From as early an age as I can recall, languages fascinated me. I grew up in a culturally-diverse corner of town—Italian, Korean, Spanish speakers all lived on the same block, within a few houses of one another, and my own family comes from a background that would make a mutt feel like a purebred. In high school, I took up Spanish and then later took German. In college, I took Russian courses. I had also spent considerable time in places, while serving in the Navy, where Spanish and Italian were the native tongues. Later, in college, Russian. For fun, I studied French, Gaelic, Tolkien’s Elvish and I even own a Klingon Dictionary.

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Then I began creating languages of my own to use in my stories—Omen-Eyes, Ennid the Havoc, the languages for the upcoming Dross* and alien races of the SHARC series of stories. In each of these, the language provides a “flavor” to differentiate the races/species and in just about every case, creates some type of conflict because of the limits of translation.

Here are a few things I learned about language while studying them:

Languages more often than not don’t feature a one-for-one translation. If it works out that way, you’re lucky. Some drop prepositions while others adopt gendered ones. Some (including English) drop implied verbs.

Example: There is a book on the table.

In Russian, their grammar prefers: On the table, there is a book. (Which, translated with the available words, would read: “On table, book.”)

In German, their sentence structure can be even more rigid. Subject-Verb-Everything Else for a statement, Verb-Subject-Everything Else for a question. Some throw their words all over the place, using inflection more than just structure to differentiate between a statement and a question (yes, that would be English. We English-speakers are language contortionists).

You went there.

Simple statement, although why someone would have to tell someone else where they went is beyond the scope of this blog.

You went there?

Connotes the idea of surprise that the subject “you” overstepped some boundary to get to that location, like the timid librarian stepping into a biker bar, where they clearly wouldn’t be wanted.

You went there?

This one is a little more snotty, and less of a question than pure derision. They don’t want an answer, they want to mock. The subject “you” ventured into some place that the one asking the question wouldn’t have set foot simply because it is beneath them.

(There’s a great episode of Jerry Seinfeld that uses this to great effect. Why would Jerry bring anything?)

Some have few words that can say a lot, and others use a lot of words for very little, and some languages encompass both. Russian is my favorite for this. On one hand, they can say “Tim tahm.” and mean “Tim is over there”, while to say “I like pets” they have to wrap their tongues around “Menay neravidtsa domoshnie zhivotniey.” (Bugs Bunny pokes fun at this concept too, in “Wackiki Wabbit”.)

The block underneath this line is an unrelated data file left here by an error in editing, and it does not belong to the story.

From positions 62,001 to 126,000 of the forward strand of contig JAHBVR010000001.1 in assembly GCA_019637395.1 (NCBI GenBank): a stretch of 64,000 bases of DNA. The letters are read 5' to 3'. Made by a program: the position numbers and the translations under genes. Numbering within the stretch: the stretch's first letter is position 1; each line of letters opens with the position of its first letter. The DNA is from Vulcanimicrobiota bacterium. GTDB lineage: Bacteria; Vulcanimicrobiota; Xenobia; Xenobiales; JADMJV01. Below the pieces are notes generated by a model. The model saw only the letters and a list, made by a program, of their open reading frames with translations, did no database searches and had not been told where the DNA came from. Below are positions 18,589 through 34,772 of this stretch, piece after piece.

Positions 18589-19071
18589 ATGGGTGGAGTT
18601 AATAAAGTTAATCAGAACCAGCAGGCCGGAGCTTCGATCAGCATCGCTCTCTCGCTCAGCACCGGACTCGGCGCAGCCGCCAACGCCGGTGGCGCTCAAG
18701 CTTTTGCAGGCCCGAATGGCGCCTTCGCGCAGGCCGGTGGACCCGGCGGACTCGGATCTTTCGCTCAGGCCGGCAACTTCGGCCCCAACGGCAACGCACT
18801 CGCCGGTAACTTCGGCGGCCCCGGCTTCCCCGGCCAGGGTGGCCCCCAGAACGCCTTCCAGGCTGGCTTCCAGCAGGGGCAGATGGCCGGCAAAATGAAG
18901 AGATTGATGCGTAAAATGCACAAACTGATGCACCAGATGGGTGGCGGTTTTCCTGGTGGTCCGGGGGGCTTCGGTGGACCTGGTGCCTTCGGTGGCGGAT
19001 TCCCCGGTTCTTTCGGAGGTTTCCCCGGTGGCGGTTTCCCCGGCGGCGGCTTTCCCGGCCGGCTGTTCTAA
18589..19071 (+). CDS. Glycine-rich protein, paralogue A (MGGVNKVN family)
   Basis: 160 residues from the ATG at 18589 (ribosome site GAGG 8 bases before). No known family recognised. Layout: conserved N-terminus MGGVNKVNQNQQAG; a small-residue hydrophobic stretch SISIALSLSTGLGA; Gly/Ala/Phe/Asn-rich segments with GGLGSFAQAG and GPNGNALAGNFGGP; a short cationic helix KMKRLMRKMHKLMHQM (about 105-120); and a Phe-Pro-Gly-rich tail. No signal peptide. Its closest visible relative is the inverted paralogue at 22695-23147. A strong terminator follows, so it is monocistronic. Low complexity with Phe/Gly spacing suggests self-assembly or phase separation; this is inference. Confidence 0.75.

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This may arise from the need to define the concept within the sentence that you are introducing it. We could say “The clear sky” but if the one listening is not familiar with the concept of “clear”, it may have to be expressed as: “It was a sky through which light may pass so objects on the other side or within the volume of the object may be seen without hindrance.” Now imagine that some of the words in the definition had to be defined, as those concepts were unfamiliar. See where the conflict in trying to explain things can arise? (Oppressive regimes might condone destruction or redefinition of terms and concepts to prevent someone from speaking about things that the government doesn’t want discussed. Sadly, a fairly recent phenomenon in our own history is to cripple free speech, open debate and discussion by hurling the invective “racist!” or “bigot!”–the equivalent of the playground “your mom!”– when no intelligent argument can be formed or respectfully conveyed.)

Then there are the concepts. We speakers of English are all familiar with hyperbole, exaggeration, metaphors. Imagine telling someone that your heart leapt for joy when you saw them coming. If they have no experience outside of the literal realm, they may start looking around their feet for a bloody organ bouncing around in the grass.

English uses very little of the mouth. We blow air out through our lips, puff out our cheeks, touch our tongue to the roof of our mouths but we tend to use so little of it. Other languages, like Russian, use all of those and add different “depths” of the mouth and throat to create their sounds. Some, like the fascinating Khoison family of tongues from Africa even feature pops and clicks. We have a couple of equivalents in English—you’ve probably heard it as “tsk-tsk” or when someone “clucks” their tongue.

And finally, some of the translations can be… funny… when brought over into English and vice versa. A “Nova” was a car model that didn’t do well in Spanish-speaking countries because, while it’s an astrological term in English, in Spanish it translates to “no-go.” And some names are pronounced the same way as some Russian terms. I’m not sure “The Queen of Country” would want to be known as “Fish” McEntire, and that jedi-in-training would be far less heroic if he’d been known as “Onion Skywalker.”

*Title subject to change

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Comments
  1. GPC says:

    I always learn something new here.
    Thank you for enlightening me.

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